Friday, June 28, 2013

Certain Densities

Rachael Pease, Rapture, UV-direct imaging monoprint on frosted mylar, 19 x 14 inches
My artwork is on view at the George Caleb Bingham Gallery, University of Missouri from June 3 - August 19, 2013. The exhibition also features paintings by Matthew Ballou, Barry Gealt, David Gracie, Melanie Johnson, Ken Kewley, Rachael McHan, Emil Robinson, and Megan Shaffer. 

Visit Painters Table to view catalogue essay of Certain Densities by Matthew Ballou and to see more artworks.

The fig wasp's journey


Fig Wasps from my neighbors fig "fruit".
       

       I just finished reading Trees: Their Natural History by Peter Thomas. This book describes the lifespan of a tree, detailing what defines a tree from leaf to trunk, down to the roots below. Although a scientific book, Peter Thomas's descriptions become quite poetic when he takes time to reveal the small intricacies bound up in a tree's life. In his chapter, Towards the next generation: flowers, fruits and seeds he writes about the sheer brutality and complex beauty of the plant and pollinator in the fig wasp cycle.

       Here is my simplified explanation: When one cuts open a fig “fruit,” they will discover a bunch of stringy looking innards. These stringy forms are actually layers of different heights of flowers. Pollination of the fig happens when a female, bearing pollen from the fig in which she was born, squeezes thru a small hole that is accessible when the fig is in its infancy. This hole is so small that she typically loses her wings and antennae in her journey into the fig.

        Once inside, she moves about to lay her eggs in some of the flowers, while inadvertently pollinating other flowers. Her life ends here inside the fig. However her eggs hatch; the wee-ones feed and grow. The grub growth stimulates the tree not to drop the fig, allowing time for seeds to grow inside the fig along side the wasp.

         Wingless males eventually hatch, find a newborn female and mate. Having had the time of their life, they promptly chew a hole out of the fig and die. The winged females now have a tunnel for a smooth exit. Once out of the fig the females, loaded up on pollen from wandering around their birth fig, fly away to a new lovely smelling fig to lay their eggs. Hence the cycle continues and the figs ripen, are eaten and the seeds are spread. Yummy. Neither fig tree nor fig wasp could survive without each other. A relationship some believe has gone back in time some 60 million years. Geez. Sometimes it is really hard to break up.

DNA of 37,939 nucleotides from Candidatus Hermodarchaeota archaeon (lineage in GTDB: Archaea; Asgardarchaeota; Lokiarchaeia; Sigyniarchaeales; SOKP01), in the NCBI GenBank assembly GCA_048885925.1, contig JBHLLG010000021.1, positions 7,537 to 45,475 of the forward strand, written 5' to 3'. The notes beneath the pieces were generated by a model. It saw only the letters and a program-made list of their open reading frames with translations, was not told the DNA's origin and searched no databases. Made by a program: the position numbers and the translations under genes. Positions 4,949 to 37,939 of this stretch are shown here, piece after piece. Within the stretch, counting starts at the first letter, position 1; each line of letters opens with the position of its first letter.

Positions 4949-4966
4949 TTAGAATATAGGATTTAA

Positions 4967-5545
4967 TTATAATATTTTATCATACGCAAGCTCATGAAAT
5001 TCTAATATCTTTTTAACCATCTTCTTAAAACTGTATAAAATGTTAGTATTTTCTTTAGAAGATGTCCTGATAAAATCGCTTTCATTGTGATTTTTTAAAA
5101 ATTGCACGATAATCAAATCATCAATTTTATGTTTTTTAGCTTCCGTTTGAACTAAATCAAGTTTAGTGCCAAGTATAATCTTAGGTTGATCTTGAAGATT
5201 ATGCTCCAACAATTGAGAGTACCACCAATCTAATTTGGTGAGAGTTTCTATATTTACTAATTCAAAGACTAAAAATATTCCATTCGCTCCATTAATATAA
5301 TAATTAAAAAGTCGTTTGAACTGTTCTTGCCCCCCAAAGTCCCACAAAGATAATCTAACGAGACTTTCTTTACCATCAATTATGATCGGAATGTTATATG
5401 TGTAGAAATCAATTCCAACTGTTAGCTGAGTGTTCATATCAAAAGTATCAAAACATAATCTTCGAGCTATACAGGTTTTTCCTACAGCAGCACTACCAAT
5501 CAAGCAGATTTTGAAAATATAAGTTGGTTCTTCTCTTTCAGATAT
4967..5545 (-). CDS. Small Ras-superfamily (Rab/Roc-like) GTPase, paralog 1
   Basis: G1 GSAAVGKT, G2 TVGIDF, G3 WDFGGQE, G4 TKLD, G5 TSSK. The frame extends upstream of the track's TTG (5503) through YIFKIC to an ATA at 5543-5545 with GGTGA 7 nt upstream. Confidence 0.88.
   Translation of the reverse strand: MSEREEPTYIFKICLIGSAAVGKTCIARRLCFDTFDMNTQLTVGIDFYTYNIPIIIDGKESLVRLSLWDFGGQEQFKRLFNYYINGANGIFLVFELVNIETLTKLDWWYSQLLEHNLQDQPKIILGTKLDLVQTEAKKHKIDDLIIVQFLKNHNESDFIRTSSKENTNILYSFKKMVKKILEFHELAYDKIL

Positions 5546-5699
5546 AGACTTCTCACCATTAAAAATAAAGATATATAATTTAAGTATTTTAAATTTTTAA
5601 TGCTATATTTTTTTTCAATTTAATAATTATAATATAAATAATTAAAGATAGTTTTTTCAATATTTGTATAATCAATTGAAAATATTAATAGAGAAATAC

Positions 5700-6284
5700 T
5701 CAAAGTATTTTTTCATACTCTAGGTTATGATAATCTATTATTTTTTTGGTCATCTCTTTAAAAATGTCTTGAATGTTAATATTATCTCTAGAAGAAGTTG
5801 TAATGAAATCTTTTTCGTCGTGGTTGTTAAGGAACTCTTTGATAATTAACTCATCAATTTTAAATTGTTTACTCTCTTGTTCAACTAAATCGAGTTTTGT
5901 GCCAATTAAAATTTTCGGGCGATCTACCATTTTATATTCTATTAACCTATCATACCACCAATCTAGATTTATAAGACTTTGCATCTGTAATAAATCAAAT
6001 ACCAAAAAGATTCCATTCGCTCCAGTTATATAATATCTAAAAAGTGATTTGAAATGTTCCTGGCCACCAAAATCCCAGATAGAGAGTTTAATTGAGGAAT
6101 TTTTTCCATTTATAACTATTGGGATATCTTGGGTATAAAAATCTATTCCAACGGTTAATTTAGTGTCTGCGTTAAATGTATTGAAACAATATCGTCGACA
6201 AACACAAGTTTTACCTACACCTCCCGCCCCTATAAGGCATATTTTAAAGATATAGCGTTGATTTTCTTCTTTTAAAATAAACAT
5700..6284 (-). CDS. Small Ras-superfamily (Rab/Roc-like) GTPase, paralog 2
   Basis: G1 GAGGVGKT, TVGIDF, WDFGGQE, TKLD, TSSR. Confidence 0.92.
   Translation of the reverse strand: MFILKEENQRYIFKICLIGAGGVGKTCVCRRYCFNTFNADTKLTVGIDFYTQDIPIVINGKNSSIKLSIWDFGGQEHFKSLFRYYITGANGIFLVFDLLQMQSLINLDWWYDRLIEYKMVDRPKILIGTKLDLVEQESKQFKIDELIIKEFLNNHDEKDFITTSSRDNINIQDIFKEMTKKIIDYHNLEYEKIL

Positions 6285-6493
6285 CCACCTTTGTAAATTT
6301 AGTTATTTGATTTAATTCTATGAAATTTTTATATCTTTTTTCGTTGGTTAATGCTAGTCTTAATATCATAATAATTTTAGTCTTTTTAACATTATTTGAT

After discovering this tid-bit, I immediately went out in search for wasps. Luckily, a neighbor around the corner has a ginormous fig tree that overhangs their fortress of a fence onto the sidewalk bus stop. Many, many jumps later… I found a tall person to grab a few figs for me. Once cut open, this is what I found:




halved fig with wasps
P.S. Here is an informative site on the fig and its wasp: figweb

Wednesday, June 19, 2013

The Insect Debacle of 1995


Among the many high school science projects, the insect collection will always stand out in my mind.  During class we were given glass jars, fingernail polish remover, cotton balls, pins and a shoe box—mission to trap, gas, pin, and label.   Everyone proceeded with the project until we each had 20 insects neatly arranged and identified.  The following day, however, to everyone’s horror we each had 20 writhing and wriggling insects on pins.  Despite the fact that the class was totally traumatized, the teacher, Mr. Flanagan, laughed and insisted on grading the projects first, before letting us kill the insects in a humane way.  I suspect he had been huffing the fingernail polish. 

Later in life I read, Pilgrim at Tinker Creek by Annie Dillard.  In this journalistic, yet poetic book she contemplates life and nature while exploring her home range of Tinker Creek in Virginia.  Dillard describes a similar situation to my own insect debacle, "I used to kill insects with carbon tetrachloride—cleaning fluid vapor—and pin them in cigar boxes, labeled, in neat rows. That was man years ago: I quit when one day I opened a cigar box lid and saw a carrion beetle, staked down high between its wing covers, trying to crawl, swimming on its pin.  It was dancing with its own shadow, untouching, and had been for days.”  Think this sort of shadow is something many have experienced—wriggling on pins, mutilated.

These memories resurface from time to time when a grasshopper or butterfly crosses my path--An act where one is trying to create something fascinating or beautiful but discovering the brutality that underlies it. Other times it will be the botched or overdone face job so common out here in Los Angeles or tuning into the news and learning about the garment factory fires in Bangladesh.

I started making collection sketches recently.  These are of plucked katydid wings combined with arms.

Plucked wings, sketchbook experiments, 2013